Among our public-facing activities, we have curated exhibitions, 'Italy at war', 'The Ladybird Collection' and 'Mills and Boon' at the Museum of English Rural Life. In 2013 the launch of BillingualismMatters@Reading led to weekly advice sessions and online research-based support to bilingual families. We have recently obtained Heritage Lottery Funding, as well as government funds, for a project on Reading Gaol following an earlier public event highlighting the prison's importance for the history of Irish Independence, funded by the AHRC.
The School of Literature and Languages offers close, supportive supervision from experienced, dynamic professors. Our research students are integrated into our research culture via seminars, reading groups, conferences and social activities. We also provide structured guidance on the wider academic environment, covering topics such as placements, publication, research bids and teaching. The study of children's literature was pioneered here and we are home to the longest-running children's literature MA in the UK.
PhD graduates from this School have gone on to academic posts around the world, including the UK, Egypt, India, Japan, Belgium, the United States, Korea, Chile, Malta, Vietnam, Malaysia, Canada, Angola, Thailand, Italy, China and Tunisia. Our current and recent PhD researchers have published in many of the prominent peer-reviewed journals in the UK and Europe, including Review of English Studies; Strumenti critici; Parallax; Textual Practice; Children's Literature Association Quarterly; Journal of Literary and Cultural Disability Studies; Studies in Philosophy and Education; and Women: A Cultural Review.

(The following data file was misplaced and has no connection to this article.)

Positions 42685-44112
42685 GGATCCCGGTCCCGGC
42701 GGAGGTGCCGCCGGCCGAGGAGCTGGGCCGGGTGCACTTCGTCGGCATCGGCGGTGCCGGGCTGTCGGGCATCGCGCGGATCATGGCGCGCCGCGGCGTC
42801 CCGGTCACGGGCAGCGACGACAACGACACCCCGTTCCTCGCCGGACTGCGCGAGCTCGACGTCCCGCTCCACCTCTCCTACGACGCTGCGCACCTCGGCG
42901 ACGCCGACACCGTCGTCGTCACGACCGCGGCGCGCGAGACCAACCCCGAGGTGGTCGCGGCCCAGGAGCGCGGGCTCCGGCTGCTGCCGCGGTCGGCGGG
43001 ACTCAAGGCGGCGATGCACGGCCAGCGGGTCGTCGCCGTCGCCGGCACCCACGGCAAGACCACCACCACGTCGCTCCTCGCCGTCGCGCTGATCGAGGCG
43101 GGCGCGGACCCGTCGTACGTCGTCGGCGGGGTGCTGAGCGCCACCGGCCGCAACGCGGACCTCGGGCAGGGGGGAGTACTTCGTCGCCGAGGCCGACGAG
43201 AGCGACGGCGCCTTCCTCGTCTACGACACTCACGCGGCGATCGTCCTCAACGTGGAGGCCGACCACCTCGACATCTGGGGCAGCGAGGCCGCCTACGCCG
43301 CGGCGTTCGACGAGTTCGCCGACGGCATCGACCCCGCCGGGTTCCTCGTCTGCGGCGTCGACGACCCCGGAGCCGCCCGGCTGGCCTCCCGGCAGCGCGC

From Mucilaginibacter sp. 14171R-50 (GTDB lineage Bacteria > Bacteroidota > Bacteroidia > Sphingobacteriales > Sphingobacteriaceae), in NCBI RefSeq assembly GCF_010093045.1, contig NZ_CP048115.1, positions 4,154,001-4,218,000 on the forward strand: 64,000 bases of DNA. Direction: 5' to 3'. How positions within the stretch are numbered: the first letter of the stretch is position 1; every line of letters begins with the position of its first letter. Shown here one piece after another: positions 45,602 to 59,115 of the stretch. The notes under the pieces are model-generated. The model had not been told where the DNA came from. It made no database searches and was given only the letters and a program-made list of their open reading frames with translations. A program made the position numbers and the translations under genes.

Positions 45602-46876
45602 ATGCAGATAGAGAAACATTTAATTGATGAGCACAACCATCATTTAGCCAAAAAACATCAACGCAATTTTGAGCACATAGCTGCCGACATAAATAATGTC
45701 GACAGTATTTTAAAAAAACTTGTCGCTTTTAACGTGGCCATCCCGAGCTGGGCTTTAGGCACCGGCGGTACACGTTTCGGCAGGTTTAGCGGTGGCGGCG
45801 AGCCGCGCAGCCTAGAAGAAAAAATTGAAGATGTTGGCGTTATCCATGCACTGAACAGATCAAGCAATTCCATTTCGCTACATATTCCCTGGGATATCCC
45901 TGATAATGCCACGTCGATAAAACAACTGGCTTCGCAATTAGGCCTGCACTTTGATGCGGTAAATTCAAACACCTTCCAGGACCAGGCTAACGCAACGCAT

The School offers dedicated Creative Writing teaching by published authors who combine research expertise with practice-based knowledge, experience and skill.
Professor Peter Robinson has been awarded the Cheltenham Prize (1988), the John Florio Prize (2008) and two Poetry Book Society Recommendations (2002 and 2012). Poems of his have been translated into Dutch, German, Italian, Japanese and Spanish. A collection of essays on his work, The Salt Companion to Peter Robinson (ed. Adam Piette and Katy Price) appeared in 2007; a further volume, Poetry & Peter Robinson: Critical Studies, is in preparation. Dr Conor Carville won the Friends Provident Irish National Poetry Prize in 1997 and received the Patrick Kavanagh Award for Poetry in 2007. His first collection, Harm's Way, appeared in 2013. Dr Claire Battershill, currently a post-doctoral fellow, won the 2008 CBC Literary Award for Short Fiction and has shared the Emerging Writers Award from the Canadian Authors Association. Her first collection of stories, Circus (2014), has been widely reviewed and warmly received.